Yesterday, the Senate Energy and Natural Resources Committee held a hearing on oil drilling in the foreign Outer Continental Shelf.
As expected, Cuba and the heralded (re-)drilling plans of Spain's Repsol with the Castro regime took center stage.
But what really stood out was the testimony of Paul Schuler from the oil spill response cooperative, Clean Caribbean and Americas, who explained:
"In the past 20 years CCA has responded to a number of spills in the Caribbean, Latin America and North America. We have been involved with Cuba since 2001, when we first applied for and received licenses from the Department of Treasury and Department of Commerce to travel to and export our equipment to Cuba. This was in response to drilling that took place by Repsol and Petrobras. CCA staff, including myself, have traveled to Cuba for Contingency Planning, training, and drills and exercises with these companies. With the new round of drilling coming up, we have recently been back to Cuba to work with Repsol and Petronas."
That's right -- since 2001.
So why these "new" (and head-scratching) headlines that the "Embargo Will Limit U.S. Oversight of Planned Oil Drilling Off Cuba Coast"?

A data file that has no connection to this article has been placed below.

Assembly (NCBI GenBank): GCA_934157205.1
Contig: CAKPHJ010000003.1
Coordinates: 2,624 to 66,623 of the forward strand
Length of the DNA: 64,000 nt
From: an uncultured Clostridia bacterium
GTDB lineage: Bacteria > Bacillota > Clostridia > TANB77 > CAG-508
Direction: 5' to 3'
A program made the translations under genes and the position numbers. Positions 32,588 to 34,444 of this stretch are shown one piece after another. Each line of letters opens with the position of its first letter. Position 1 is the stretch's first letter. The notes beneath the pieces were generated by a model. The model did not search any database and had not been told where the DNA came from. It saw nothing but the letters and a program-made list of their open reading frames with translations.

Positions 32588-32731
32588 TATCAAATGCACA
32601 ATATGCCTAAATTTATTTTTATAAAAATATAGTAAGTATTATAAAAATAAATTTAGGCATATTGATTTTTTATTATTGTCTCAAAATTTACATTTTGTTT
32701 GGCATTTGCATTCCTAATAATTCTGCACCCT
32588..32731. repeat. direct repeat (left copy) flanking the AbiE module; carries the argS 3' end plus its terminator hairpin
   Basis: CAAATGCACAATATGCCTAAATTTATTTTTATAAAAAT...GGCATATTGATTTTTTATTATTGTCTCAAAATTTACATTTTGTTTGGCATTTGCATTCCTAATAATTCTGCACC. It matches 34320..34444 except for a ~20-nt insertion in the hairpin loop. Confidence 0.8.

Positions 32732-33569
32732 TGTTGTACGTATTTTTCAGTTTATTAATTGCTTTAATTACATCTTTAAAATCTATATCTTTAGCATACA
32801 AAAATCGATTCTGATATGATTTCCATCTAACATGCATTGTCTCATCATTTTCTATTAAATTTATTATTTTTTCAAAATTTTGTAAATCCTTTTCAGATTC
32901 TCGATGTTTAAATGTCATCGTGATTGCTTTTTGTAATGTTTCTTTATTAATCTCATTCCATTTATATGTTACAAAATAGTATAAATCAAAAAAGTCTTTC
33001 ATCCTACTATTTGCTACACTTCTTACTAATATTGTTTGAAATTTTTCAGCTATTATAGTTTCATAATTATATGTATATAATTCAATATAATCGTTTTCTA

Because as Reuters reported back in 2006: "Havana is eager to see American oil companies join forces with the anti-embargo lobby led by U.S. farmers who have been selling food to Cuba for four years."
It apparently works -- we've already seen Halliburton increase its Cuba anti-sanctions lobbying this year.
Let's not forget that -- for over a decade -- the "spectre" of oil drilling has been a geo-political tool used by Cuba's dictatorship.
The Castro regime has used it to extort the Brazilian government into shunning pro-democracy activists and to create a China-drilling scare (which never materialized) in the U.S.
Meanwhile, commercially, Repsol's previous Cuba drilling effort (in 2004) was unsuccessful and the most credible non-U.S. regional oil companies -- Brazil's Petrobras and Canada's Sherritt -- pulled out of Cuba (in 2011 and 2008, respectively) saying it wasn't a viable venture.
But apparently that's "old" news.
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